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dc.contributor.authorQuinn, Kathryn M.en
dc.date.accessioned2018-05-22T12:47:17Z
dc.date.available2018-05-22T12:47:17Z
dc.date.issued2007en
dc.identifier.urihttp://hdl.handle.net/1842/30664
dc.description.abstracten
dc.description.abstractOBJECTIVES: Despite the prevalence of mental health problems in later life, older people markedly underutilise mental health services. A greater awareness of factors influencing older peoples' attitudes to mental illness may therefore improve recognition, presentation, and treatment of mental disorders in this population, and so enhance quality of life. This study explores older people's attitudes to mental illness within the context of ageing, and considers whether attitudes act as potential barriers to engagement in health-related behaviours, and lead to lower subjective well-being.en
dc.description.abstractDESIGN/METHOD: A combined qualitative and quantitative methodology was used. First, focus groups were undertaken to pilot the study questionnaire and explore the subject area. A crosssectional independent groups design was then employed to compare responses of clinical (i.e. current service users) and non-clinical participants on a self-report questionnaire assessing attitudes to mental illness and ageing. 74 completed questionnaires were received (24 clinical; 50 non-clinical).en
dc.description.abstractRESULTS: Similar to younger people, older people endorsed a range of positive and negative attitudes to mental illness. However, when attitudes to mental illness were considered within the context of ageing and experience a more complex pattern of results emerged. While negative attitudes to mental illness were associated with negative attitudes to ageing across the entire sample, clinical participants (and those with prior experience of mental illness) reported more positive attitudes to mental illness and more negative attitudes to ageing than non-clinical participants, for whom the reverse was true. Attitudes were also differentially related to outcomes. Thus, positive attitudes to ageing predicted stronger endorsement of health-related behaviours (F₍₂,₇₁₎ = 9.93, p < 0.001), while negative attitudes to ageing and mental illness predicted lower subjective well-being (F₍₄,₆₇₎ = 22.99, p < 0.001)en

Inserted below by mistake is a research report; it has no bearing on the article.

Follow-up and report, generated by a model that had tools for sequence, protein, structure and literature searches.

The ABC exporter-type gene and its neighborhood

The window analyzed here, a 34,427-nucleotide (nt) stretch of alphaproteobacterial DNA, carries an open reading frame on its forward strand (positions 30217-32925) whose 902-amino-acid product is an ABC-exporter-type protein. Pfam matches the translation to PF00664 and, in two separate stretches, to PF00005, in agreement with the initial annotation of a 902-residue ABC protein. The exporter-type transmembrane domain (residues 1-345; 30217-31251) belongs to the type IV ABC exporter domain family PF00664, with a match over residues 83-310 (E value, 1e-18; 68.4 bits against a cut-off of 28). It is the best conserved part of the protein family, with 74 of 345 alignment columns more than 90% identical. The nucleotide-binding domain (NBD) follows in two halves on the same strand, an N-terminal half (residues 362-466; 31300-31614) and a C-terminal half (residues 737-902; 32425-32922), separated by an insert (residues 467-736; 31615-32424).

dc.description.abstractCONCLUSIONS: Attitudes to mental illness and ageing may be linked and mediated by personal experience and capacity for psychological self-regulation in the face of age-associated adversity. As one potential cause of the under-use of mental health services by older people, attitudes to mental illness in later life should form the focus of targeted health education interventions designed to address ageist misconceptions and ensure that all older people are given the opportunity to receive care likely to improve their health and well-being.en
dc.publisherThe University of Edinburghen
dc.relation.isreferencedbyAlready catalogueden
dc.subjectAnnexe Thesis Digitisation Project 2018 Block 19en
dc.titleOlder peoples' attitudes to mental illnessen
dc.typeThesis or Dissertationen
dc.type.qualificationlevelDoctoralen
dc.type.qualificationnameDClinPsychol Doctor of Clinical Psychologyen


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